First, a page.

Unlike standards, many sample particles have a range of zeta potential values and Z-NTA measurements can provide high resolution particle-by particle zeta potential information. This is especially critical where small changes in the zeta potential distribution have a large effect on the behavior of a nanoparticle product, or for the detailed comparison of samples which may be close to the stability threshold.
The following represents the procedure for measuring the NTA Zeta Potential standard NTA4096, derived from Malvern Zeta Potential transfer standard (DTS1235 ZP Transfer Standard) and is applicable to all NanoSight NS500 zeta potential-enabled instruments using NTA software (version 2.3 or later). It is recommended that the zeta potential of a standard material be checked at least every month. This protocol outlines how to measure the NTA Zeta Potential standard NTA4096 to check that your instrument is performing within specification.
The use of Advanced Analysis settings is not required.
Select an appropriate Detect Threshold setting to process the captured videos. The setting will be correct when each white dot that should be included as a particle is highlighted with a red + (Figure 2a). If the detection threshold setting is too high, the white particle dot will not contain a red cross and is not included in the data profile (Figure2 b). If the detection threshold setting is too low, there is potential that noise will be included in the data profile which is indicated as a blue cross in the image (Figure 2c).
Following analysis, confirm that the electro-osmosis profile is symmetrical and parabolic. An example of this is shown in Figure 3.
NanoSight instruments produce particle-by-particle data distributions. The modal zeta potential should have a modal zeta potential value within +/- 10% of the value supplied with the sample and coefficient of variance of under 5%. A typical data profile for NTA4096 zeta potential standards is shown in Figure 4.
All NanoSight instruments are factory set for accurate data output. Provided the instrument is used as stated in the user manuals errors in size or zeta potential data should not occur. However, excessive shock or changes in any physical condition might affect the accuracy of the instrument. If this is suspected contact the Malvern helpdesk at firstname.lastname@example.org or for US users, email@example.com for assistance. It will be helpful to include a data report file and associated compressed sample video.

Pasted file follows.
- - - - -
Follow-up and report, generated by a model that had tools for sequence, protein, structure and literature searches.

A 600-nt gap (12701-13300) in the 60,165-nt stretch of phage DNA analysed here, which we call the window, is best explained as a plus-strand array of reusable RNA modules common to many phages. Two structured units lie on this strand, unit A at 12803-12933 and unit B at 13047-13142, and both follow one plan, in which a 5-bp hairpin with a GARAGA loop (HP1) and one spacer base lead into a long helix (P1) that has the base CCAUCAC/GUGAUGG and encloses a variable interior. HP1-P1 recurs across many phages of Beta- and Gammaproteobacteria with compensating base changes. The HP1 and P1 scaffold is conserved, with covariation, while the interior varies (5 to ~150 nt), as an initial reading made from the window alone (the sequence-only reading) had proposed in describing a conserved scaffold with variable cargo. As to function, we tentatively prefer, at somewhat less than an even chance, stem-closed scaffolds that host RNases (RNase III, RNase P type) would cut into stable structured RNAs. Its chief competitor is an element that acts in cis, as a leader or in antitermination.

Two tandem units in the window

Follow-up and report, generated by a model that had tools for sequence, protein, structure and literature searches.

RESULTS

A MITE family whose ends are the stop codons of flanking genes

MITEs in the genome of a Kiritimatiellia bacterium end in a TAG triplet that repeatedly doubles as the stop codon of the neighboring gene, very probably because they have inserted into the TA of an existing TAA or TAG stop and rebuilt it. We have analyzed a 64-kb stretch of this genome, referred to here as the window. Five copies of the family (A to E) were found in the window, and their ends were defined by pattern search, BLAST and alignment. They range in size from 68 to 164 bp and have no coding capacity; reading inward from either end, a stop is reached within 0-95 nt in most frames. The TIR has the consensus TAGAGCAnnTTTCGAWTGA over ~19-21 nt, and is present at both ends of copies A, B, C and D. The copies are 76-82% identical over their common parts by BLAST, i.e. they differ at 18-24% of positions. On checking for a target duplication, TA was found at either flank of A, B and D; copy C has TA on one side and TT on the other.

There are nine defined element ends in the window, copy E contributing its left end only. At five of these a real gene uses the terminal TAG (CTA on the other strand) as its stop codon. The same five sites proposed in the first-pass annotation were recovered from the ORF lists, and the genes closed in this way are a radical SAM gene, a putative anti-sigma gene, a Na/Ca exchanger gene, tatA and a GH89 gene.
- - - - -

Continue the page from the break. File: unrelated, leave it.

Single particle populations, such as zeta potential standards are often only described in terms of an average or modal zeta potential value. In reality however, sample particles will always have a range of values and knowledge of the full zeta potential distribution through Z-NTA measurements can provide much more information. This is especially critical where small changes in the zeta potential distribution have a large effect on the behavior of a nanoparticle product, or for the detailed comparison of samples which may be close to the stability threshold. It is recommended that the zeta potential of a standard sample is measured by zeta-NTA on a monthly basis.
For a wide range of monodisperse and complex polydisperse sample populations, the Z-NTA particle-by-particle measurement technique provides high resolution zeta potential distributions, giving you further insight into the characteristics of your sample.